The case for bottom-up peacebuilding

by Campaign ~ March 7th, 2014. Filed under: News.

War Resisters’ International (WRI) held their first webinar under the title “The case for bottom-up peacebuilding” led by Geoff Harris. Geoff’s work in Peace Studies began around 1990, his current research focuses on the relationship between economic inequality and inter-personal violence, the South African arms deal of 1999 and bottom-up peacebuilding.

Peacebuilding can be thought of in two ways. Firstly as a way to recover from violence; developing and transforming relationships between groups. The other, much superior option, is preventive actions. This involves reducing the underlying causes of conflict and insuring that conflict does not turn into violence. Preventive actions are vital as they save a huge amount of resources, pain and suffering. Whereas, recovery can take decades to re-establish a community and create a stable situation.

Peacebuilding is in essence nonviolent; Geoff Harris raises the question ‘[j]ust how effective is nonviolent action?’ Having looked at both sides of the debate he turns to research presented by Erica Chenoweth whose main finding, from a complied data set of 323 violent and nonviolent resistance campaigns, illustrates that non-violent campaigns achieved a 53% success rate compared with 26% for violent campaigns. The failure of trying to build peace through violent means is illustrated in the example of Iraq. There was a violent invasion to bring about peace which has created an utterly violent outcome. Ghandi was correct to say ‘peace by peaceful means.’

Bottom up peacebuilding starts with individuals, local institutions and communities. It covers only a small number of people, but results can quickly produce results. An important factor with this type of peacebuilding is that it has an effect almost instantly and, crucially, involves local people in decision making. Bottom-up peacebuilding is normally conducted with participatory action research, predominantly from an asset-based approach, that sits down with the community and discusses how the situation can best be resolved. It treats individuals and communities respectively and not just as a source of data.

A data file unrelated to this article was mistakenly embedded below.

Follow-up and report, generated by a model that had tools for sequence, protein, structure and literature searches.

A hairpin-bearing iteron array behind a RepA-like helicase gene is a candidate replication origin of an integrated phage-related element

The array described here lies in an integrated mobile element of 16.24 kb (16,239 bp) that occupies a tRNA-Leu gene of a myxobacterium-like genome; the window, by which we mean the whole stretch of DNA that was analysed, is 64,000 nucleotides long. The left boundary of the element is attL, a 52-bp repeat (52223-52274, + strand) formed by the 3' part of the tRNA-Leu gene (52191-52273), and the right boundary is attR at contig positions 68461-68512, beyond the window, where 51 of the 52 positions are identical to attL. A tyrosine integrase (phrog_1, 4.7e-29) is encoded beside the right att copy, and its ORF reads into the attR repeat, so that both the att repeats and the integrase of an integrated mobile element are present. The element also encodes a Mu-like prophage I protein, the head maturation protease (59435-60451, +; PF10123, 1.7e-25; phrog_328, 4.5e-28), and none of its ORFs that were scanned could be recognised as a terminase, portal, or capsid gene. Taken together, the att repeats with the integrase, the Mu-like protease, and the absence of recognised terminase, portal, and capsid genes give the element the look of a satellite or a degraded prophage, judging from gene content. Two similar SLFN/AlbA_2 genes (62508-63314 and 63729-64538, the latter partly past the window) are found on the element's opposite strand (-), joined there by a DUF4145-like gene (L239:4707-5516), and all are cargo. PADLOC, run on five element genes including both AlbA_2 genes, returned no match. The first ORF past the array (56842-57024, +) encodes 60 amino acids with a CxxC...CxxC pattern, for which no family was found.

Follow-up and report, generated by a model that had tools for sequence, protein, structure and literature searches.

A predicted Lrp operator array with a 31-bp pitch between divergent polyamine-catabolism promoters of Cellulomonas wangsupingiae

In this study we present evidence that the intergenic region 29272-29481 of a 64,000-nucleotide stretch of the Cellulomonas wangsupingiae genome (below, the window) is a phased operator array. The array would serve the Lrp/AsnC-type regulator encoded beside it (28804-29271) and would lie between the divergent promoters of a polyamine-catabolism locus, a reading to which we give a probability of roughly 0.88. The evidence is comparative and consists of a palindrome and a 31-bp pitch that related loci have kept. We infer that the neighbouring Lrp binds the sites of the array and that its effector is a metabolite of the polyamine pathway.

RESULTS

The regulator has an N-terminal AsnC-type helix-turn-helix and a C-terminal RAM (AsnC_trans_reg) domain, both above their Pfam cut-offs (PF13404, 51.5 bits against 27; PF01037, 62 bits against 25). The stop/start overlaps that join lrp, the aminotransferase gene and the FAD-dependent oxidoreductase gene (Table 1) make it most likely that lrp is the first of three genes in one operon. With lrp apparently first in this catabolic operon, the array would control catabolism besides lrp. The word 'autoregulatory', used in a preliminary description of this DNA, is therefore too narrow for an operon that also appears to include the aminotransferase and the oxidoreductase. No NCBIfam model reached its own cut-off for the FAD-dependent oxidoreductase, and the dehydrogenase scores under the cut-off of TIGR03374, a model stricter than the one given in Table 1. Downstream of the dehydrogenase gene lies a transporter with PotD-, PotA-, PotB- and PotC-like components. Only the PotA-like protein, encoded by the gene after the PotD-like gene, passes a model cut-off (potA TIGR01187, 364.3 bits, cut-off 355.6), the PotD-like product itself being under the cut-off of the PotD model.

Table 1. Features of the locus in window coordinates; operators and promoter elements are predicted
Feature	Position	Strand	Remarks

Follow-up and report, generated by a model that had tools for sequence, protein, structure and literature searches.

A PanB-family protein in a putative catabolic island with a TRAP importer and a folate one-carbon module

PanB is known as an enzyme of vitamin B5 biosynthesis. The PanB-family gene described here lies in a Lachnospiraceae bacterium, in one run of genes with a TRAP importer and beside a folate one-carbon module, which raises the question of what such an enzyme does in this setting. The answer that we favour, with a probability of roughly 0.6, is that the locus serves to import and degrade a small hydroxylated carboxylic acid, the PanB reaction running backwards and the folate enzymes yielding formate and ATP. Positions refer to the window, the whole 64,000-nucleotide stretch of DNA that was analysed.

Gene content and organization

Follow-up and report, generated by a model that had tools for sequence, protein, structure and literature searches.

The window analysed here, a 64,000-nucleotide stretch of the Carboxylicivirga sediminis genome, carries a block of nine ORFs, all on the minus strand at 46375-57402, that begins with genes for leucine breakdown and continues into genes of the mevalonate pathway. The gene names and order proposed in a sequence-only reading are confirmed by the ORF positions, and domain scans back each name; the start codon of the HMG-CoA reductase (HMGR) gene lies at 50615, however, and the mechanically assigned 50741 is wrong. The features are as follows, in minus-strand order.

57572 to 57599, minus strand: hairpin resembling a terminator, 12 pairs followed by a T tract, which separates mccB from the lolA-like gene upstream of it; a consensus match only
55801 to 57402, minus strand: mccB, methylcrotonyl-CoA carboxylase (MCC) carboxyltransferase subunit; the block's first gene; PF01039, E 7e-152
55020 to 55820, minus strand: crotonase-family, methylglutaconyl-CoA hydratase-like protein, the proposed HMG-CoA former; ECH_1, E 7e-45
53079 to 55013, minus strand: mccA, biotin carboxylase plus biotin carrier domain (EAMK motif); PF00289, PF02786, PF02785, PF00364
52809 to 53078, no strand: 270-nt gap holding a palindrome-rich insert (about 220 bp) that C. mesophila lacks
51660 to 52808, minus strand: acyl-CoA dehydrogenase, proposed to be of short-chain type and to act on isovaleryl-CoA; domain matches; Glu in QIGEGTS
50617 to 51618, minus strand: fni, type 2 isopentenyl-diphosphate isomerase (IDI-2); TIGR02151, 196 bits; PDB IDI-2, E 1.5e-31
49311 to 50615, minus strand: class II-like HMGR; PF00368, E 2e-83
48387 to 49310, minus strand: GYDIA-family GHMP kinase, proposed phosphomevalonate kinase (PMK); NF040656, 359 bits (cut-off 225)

Harris provided examples of bottom-up peacebuilding:

  • Training young South African men in responsible, loving and nonviolent fathering. This is achieved by teaching the men how to love and what it means to be a father.
  • Preventing boys becoming child soldiers in the Eastern DRC. This is being carried out in communities to help young boys, parents and communities learn how best to avoid becoming a child soldier.

Both Harris and WRI highlight the importance of workshops and nonviolent training in creating an active resistance to militarism and an opposition to systems of oppression. These nonviolent methods are the most successful in bringing about positive social change.
War Resisters’ International is an organisation that works as a global pacifist striving for a world without war. They remain committed to their founding deceleration ‘war is a crime against humanity. I am therefore determined not to support any kind of war, and to strive for the removal of all causes of war.’

By Grace Beards
Research Assistant

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